Warning: Do you dare to play the game of life? If you don’t want to read about illness and death or you dislike dark humour please avoid this blog, but I hope you will continue to visit my Wednesday, Friday, Saturday and Sunday blogs.
Round Two – Word from Dagenham.
Reasons to be cheerful.
- So far this is better than a sudden death, time to prepare, hope instead of shock.
- Cyberspouse had thirty years in the Metropolitan Police without being murdered on duty and collected his pension; like most officers, collecting some of it as a lump sum to make the most of it just in case…
- It follows on from no. 2 that you can’t be bitter at something that is nobody’s fault.
- There are no definites; even though your friends have lost other friends in the past year, they reassure you that they know numerous people who have been living with terminal cancer for years.
- We have been absorbed into what seems to be a very caring game, with a lot of people playing. Those suffering more obscure medical disasters would not get the same wrap around treatment.
Tales of birth and death.
One set of grandparents only met me and not their following five grandchildren. I don’t remember them.
My other grandfather lived long enough to know I was marrying a policeman; having lived through the depression he was so delighted it was a chap with a secure job. He has turned out to be right!
My other grandmother lived long enough to meet her first great grandchild and literally dropped dead at 82. At the time this seemed old, now I actually have friends that age!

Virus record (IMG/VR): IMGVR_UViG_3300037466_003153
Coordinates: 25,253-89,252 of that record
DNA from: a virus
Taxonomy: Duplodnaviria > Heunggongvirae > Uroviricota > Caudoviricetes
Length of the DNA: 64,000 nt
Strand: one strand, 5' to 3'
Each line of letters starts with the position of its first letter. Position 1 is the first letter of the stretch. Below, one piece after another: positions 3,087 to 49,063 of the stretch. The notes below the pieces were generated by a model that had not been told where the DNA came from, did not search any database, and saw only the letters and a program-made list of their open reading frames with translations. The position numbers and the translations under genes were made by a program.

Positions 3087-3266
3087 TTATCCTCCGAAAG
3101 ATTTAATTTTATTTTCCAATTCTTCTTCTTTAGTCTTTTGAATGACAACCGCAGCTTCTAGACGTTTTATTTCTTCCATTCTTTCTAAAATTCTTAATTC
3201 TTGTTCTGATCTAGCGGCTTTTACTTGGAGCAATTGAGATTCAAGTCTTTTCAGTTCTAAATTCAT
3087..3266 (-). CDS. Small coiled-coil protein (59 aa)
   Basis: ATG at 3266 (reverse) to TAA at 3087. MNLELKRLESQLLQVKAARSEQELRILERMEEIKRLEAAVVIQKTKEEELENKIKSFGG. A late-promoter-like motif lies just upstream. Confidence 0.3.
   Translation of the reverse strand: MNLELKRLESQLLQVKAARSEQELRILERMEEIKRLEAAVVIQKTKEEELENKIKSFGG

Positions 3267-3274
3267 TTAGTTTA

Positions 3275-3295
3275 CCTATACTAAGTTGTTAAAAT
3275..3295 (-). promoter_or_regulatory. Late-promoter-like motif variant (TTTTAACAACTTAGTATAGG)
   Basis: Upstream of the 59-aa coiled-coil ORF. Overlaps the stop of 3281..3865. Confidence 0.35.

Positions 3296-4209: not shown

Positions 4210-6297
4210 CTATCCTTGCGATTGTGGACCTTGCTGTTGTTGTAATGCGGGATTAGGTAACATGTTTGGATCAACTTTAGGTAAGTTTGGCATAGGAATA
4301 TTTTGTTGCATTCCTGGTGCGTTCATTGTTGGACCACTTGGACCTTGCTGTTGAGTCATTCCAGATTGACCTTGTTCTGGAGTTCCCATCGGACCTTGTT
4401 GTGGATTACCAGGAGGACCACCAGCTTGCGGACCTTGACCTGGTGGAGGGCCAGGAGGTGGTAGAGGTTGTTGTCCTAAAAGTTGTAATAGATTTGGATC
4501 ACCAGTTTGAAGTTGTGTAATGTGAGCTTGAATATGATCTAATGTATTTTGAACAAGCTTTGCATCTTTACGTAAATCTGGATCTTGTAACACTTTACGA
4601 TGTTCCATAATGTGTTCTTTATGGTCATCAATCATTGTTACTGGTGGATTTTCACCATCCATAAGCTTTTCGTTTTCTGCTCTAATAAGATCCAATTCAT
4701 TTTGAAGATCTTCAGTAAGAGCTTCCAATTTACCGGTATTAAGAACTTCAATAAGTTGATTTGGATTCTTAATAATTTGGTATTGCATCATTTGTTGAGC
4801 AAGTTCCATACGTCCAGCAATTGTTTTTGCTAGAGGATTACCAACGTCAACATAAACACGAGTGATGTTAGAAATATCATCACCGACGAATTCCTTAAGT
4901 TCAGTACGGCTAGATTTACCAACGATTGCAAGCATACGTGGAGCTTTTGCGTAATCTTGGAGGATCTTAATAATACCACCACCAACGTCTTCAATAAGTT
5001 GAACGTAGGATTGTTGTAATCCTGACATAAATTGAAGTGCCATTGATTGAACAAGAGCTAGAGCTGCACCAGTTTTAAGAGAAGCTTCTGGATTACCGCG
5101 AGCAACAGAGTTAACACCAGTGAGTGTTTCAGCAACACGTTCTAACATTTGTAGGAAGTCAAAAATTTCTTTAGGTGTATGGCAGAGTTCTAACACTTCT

Our friend’s father was dying of a brain tumour as his wife was about to have their first baby. When he was born they got special permission for the baby’s father and grandmother to take him from London to Bristol to meet his grandfather. He saw his grandson, uttered his last words and was dead by the next morning. This story has always chilled me because I don’t think I could have let my newborn baby out of my sight!
Why is it called the jigsaw building? I have no idea, but it is very nice; free treatment with our National Health Service ( after a lifetime of contributions ), added comforts from a charity which we have contributed to. A friend used to arrange Pink Promenades along the sea front, from Hengistbury Head to Sandbanks and back again, a walk of 14-16 miles; lunch at the Jazz Cafe, coffee and tea at Bournemouth Pier then back to her house for fish and chips with the husbands. We didn’t collect money from others, just put in a contribution for a very pleasant day out.
Perhaps it’s called Jigsaw as they take you to pieces and can’t put you back together again.
Cyberspouse’s friend sent a message, he had word from Dagenham, he was going on the 13th November to collect his new car, the first day of chemotherapy. No outing for C.
All went well, we gathered 21 days worth of tablets and as I waited outside to flag down our lift from a friend had I found the answer to the puzzle?
Completing the Picture
At least the jigsaw has been blessed by the bishop. Move forward one space.